HAMILTON, ONT. — The National Day of Mourning, held annually on April 28, is a day to remember and honour those who have lost their lives or suffered an injury or illness due to a workplace tragedy.
It’s also a day to renew the commitment to improve health and safety in the workplace with a focus on prevention, states the Canadian Centre for Occupational Health and Safety (CCOHS).
“It is the hope of CCOHS that the annual observance of this day will help strengthen the resolve to establish safe and healthy conditions in the workplace and prevent further injuries and deaths,” states the centre’s website. “As much as this is a day to remember the dead, it is also a call to protect the living and make work a place to thrive.”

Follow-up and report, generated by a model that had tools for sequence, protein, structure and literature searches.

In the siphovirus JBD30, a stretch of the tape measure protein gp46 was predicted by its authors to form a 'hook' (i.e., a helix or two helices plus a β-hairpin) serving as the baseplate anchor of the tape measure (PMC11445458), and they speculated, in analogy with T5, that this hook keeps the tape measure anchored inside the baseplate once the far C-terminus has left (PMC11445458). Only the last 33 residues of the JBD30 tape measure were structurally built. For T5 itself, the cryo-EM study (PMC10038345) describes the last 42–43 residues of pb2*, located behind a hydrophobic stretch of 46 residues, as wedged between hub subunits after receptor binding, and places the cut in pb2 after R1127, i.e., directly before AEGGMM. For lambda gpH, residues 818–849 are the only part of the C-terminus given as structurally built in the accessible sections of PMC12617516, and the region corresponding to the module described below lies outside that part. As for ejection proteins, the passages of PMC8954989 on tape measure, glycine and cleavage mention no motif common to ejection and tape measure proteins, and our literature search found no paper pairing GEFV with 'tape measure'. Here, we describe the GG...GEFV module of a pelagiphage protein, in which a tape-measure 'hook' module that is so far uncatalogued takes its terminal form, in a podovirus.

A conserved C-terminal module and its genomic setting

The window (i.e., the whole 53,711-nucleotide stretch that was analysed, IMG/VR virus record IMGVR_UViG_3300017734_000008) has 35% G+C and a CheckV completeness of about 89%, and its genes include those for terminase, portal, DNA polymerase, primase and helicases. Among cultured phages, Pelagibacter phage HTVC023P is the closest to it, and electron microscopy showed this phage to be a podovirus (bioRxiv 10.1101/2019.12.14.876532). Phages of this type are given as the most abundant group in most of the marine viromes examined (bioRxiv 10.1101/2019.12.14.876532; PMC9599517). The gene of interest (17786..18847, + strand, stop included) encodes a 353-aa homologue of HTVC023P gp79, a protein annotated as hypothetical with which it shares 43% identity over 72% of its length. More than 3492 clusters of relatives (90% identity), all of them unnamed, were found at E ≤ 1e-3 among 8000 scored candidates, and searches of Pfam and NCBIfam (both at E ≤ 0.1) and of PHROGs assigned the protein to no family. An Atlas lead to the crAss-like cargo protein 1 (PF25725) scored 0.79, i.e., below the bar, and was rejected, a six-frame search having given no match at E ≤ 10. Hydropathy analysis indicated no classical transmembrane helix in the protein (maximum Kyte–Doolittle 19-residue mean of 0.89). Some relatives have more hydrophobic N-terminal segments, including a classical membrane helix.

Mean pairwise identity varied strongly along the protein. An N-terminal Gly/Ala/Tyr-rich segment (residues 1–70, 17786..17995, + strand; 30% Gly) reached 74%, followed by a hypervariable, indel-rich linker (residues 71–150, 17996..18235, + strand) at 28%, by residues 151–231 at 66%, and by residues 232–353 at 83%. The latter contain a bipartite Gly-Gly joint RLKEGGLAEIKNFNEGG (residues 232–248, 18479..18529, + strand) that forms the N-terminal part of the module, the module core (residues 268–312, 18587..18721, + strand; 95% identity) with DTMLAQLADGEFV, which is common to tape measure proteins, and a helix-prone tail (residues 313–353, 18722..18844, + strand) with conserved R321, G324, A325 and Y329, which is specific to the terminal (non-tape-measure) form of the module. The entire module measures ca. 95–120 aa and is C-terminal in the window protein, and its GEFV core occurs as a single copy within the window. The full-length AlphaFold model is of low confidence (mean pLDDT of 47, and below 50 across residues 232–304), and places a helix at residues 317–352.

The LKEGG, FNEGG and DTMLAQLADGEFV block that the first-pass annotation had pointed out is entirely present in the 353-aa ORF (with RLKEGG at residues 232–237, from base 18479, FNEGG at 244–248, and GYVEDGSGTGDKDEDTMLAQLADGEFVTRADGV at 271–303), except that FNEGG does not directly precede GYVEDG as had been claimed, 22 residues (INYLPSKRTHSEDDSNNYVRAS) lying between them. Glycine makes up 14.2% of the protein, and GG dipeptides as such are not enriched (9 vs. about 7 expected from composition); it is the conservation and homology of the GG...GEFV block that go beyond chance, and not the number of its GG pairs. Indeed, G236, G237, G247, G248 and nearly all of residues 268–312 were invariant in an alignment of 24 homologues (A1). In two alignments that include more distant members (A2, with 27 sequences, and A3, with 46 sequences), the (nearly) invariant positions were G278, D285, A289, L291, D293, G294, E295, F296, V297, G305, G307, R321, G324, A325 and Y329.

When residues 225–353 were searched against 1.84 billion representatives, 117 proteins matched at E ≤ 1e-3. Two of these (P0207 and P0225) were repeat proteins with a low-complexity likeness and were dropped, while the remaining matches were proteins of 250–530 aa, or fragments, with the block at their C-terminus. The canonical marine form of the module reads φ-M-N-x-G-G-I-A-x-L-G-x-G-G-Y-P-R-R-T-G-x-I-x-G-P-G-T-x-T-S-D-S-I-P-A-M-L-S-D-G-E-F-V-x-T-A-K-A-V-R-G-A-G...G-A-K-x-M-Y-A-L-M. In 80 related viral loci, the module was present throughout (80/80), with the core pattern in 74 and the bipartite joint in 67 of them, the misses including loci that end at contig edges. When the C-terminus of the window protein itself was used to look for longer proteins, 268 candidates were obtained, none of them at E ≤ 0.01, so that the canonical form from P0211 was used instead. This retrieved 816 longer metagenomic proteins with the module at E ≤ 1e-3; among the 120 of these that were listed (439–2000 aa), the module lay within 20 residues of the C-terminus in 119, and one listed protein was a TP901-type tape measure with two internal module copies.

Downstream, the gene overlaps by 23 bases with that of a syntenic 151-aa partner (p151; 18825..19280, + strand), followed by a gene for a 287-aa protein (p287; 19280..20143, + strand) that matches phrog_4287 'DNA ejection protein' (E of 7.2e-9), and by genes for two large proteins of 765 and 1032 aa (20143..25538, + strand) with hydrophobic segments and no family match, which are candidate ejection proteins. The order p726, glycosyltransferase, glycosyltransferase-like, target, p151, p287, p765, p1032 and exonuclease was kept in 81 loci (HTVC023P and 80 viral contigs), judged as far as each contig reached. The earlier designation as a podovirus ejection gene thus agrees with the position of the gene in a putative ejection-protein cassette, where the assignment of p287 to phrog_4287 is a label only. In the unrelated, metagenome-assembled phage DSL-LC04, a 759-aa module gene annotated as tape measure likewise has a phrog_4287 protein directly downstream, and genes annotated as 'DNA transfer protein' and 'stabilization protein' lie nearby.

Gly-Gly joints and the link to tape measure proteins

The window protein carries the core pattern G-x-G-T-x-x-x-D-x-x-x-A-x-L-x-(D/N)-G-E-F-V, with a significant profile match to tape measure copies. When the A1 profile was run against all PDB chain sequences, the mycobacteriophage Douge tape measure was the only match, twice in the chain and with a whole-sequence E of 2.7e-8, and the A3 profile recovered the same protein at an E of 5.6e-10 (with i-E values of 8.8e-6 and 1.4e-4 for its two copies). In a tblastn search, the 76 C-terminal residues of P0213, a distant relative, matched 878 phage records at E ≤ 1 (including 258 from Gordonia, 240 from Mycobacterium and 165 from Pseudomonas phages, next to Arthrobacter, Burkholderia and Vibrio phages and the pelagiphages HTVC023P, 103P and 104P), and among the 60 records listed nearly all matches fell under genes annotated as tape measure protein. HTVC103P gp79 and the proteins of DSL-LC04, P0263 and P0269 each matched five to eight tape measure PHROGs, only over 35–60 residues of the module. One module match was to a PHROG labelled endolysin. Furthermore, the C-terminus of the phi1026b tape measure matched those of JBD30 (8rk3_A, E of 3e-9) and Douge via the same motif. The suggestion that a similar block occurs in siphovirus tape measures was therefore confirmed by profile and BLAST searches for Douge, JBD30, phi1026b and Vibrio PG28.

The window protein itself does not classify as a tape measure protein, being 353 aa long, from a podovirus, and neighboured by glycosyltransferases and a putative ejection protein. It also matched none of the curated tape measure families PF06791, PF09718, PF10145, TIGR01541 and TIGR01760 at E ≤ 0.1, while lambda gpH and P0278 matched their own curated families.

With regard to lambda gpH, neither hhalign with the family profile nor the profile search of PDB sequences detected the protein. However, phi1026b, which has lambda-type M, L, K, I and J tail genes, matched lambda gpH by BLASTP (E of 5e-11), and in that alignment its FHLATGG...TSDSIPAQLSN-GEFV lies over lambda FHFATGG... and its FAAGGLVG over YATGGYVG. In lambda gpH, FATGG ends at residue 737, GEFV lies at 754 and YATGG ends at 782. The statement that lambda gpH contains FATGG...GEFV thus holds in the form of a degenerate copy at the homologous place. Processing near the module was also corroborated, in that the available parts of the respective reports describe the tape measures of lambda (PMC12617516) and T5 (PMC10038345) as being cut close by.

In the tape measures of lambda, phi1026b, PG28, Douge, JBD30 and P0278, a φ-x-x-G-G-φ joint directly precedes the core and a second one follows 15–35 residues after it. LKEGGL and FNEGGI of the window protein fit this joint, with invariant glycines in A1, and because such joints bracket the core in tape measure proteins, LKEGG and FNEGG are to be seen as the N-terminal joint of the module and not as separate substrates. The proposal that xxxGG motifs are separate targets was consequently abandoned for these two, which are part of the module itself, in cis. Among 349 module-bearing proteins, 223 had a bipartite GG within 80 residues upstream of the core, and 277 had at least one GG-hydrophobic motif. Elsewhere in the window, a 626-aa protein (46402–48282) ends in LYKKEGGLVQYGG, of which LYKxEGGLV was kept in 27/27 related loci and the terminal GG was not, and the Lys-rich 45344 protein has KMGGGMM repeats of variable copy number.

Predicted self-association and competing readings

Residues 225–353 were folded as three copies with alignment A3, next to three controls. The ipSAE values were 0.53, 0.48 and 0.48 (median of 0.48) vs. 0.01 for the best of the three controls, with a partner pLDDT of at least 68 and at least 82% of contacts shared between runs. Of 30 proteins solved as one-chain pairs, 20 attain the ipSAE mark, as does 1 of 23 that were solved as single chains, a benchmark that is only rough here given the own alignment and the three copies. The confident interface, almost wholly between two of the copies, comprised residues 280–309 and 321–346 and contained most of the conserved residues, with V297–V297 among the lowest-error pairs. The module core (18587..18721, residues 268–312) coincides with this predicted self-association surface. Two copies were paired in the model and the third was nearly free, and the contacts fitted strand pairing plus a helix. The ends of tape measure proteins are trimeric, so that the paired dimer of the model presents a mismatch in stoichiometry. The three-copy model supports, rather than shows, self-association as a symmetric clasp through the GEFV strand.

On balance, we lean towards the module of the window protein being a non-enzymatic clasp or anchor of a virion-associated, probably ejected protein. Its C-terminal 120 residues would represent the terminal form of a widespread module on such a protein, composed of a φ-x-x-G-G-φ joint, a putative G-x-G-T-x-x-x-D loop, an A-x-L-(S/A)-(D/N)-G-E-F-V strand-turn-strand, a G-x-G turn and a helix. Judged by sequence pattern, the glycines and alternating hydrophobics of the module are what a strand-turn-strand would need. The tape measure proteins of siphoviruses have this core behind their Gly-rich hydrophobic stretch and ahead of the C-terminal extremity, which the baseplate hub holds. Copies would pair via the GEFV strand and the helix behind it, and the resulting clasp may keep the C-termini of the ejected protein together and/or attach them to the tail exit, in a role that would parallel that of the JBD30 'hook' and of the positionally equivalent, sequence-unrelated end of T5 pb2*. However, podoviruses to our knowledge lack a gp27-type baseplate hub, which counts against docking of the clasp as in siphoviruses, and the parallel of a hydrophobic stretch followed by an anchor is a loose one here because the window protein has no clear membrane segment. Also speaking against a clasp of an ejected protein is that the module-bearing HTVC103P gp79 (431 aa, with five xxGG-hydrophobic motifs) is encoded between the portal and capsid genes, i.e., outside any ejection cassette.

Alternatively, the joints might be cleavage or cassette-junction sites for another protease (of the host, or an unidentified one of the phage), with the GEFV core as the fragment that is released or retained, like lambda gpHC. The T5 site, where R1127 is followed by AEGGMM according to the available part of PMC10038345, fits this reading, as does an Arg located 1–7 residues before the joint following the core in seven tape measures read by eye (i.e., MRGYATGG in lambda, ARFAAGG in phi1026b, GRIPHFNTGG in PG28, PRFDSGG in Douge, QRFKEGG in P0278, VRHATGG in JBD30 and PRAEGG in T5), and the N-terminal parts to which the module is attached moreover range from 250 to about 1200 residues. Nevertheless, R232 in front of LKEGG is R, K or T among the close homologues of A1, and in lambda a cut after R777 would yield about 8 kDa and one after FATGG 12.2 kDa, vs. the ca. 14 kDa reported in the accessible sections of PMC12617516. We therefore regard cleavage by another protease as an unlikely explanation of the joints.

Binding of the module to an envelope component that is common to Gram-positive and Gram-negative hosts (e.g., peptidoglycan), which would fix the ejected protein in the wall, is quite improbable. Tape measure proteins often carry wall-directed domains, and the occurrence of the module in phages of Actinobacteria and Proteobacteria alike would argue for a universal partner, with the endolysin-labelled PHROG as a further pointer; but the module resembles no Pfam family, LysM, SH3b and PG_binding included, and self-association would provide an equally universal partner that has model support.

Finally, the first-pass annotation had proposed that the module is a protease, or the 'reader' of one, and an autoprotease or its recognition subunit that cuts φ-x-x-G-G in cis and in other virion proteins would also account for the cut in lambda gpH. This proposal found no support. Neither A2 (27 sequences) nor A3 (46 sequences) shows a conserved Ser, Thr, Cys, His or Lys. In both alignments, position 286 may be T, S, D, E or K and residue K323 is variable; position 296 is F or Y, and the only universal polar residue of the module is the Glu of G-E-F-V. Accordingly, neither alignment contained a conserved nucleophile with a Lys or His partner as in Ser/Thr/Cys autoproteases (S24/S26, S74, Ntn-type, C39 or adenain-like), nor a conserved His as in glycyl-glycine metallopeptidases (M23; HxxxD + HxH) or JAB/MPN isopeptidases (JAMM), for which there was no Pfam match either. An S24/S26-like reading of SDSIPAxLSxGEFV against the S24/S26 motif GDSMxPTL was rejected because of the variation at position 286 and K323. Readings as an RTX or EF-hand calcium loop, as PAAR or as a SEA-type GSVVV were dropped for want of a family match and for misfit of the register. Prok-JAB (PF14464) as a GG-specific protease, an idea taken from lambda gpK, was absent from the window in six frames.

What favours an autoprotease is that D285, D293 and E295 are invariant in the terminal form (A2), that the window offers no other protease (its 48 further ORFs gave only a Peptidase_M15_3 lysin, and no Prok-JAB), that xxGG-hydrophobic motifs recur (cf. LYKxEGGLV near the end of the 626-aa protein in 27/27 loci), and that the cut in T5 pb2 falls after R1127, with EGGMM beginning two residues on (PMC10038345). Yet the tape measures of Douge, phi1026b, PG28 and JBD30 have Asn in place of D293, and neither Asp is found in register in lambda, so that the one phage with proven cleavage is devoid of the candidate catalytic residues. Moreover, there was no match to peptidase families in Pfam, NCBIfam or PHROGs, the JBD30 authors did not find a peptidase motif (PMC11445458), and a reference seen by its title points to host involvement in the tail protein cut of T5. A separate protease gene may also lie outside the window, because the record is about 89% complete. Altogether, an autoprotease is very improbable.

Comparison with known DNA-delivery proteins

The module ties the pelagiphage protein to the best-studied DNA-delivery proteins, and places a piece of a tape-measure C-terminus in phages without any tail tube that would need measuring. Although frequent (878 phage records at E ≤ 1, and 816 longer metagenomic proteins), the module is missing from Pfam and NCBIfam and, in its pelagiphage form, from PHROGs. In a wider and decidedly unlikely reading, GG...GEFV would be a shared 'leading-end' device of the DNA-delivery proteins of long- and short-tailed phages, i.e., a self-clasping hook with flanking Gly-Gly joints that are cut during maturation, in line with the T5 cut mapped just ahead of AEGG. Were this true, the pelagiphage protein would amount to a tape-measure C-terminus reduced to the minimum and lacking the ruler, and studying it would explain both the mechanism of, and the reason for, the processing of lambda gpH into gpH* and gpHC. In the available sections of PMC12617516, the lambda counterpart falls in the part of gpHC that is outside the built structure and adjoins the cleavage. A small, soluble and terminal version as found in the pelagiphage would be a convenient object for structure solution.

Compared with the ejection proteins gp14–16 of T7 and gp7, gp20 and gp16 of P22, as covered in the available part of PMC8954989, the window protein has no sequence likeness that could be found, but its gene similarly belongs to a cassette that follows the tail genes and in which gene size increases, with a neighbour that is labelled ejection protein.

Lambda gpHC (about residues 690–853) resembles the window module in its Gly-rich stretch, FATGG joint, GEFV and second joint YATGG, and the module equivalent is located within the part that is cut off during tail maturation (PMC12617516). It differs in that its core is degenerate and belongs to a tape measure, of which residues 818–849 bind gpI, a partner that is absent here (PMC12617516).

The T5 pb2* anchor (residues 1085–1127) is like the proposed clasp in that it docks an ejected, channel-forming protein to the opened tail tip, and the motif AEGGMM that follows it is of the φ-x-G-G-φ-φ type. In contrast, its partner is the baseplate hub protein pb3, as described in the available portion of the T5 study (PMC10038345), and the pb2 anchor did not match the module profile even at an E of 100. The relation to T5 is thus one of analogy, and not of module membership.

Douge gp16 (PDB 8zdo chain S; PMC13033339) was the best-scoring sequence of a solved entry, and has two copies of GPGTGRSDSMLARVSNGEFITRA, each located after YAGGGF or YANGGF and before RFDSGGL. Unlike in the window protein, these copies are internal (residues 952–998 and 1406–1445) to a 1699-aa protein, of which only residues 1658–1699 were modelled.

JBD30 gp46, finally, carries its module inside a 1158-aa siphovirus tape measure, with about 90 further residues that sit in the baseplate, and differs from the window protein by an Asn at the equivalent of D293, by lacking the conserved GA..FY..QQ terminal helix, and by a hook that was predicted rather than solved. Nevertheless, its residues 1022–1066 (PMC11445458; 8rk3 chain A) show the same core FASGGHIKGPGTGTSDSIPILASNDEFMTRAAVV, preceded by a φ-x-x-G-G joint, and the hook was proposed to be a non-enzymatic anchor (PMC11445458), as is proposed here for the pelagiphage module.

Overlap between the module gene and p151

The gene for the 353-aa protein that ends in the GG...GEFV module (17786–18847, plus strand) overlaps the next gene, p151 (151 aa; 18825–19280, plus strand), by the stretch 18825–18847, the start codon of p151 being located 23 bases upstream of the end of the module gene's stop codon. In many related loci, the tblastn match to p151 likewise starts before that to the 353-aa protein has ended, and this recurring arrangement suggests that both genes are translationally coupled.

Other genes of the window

The Canadian flag will fly at half-mast on Parliament Hill and on all federal government buildings and employers and workers will observe the Day of Mourning in a variety of ways, including a moment of silence at 11 a.m.
The most recent statistics from the Association of Workers’ Compensation Boards of Canada show in 2016, 905 workplace deaths were recorded in Canada, its website indicates. Among those deaths were six young workers aged 15 to 19 and another 20 workers aged 20 to 24.
In 1991, eight years after the Day of Remembrance was launched by the Canadian Labour Congress, the Parliament of Canada passed the Workers Mourning Day Act making April 28 an official Day of Mourning.
The event has since spread to about 100 countries around the world and is recognized as Workers’ Memorial Day and as International Workers’ Memorial Day by the International Labour Organisation and the International Trade Union Confederation.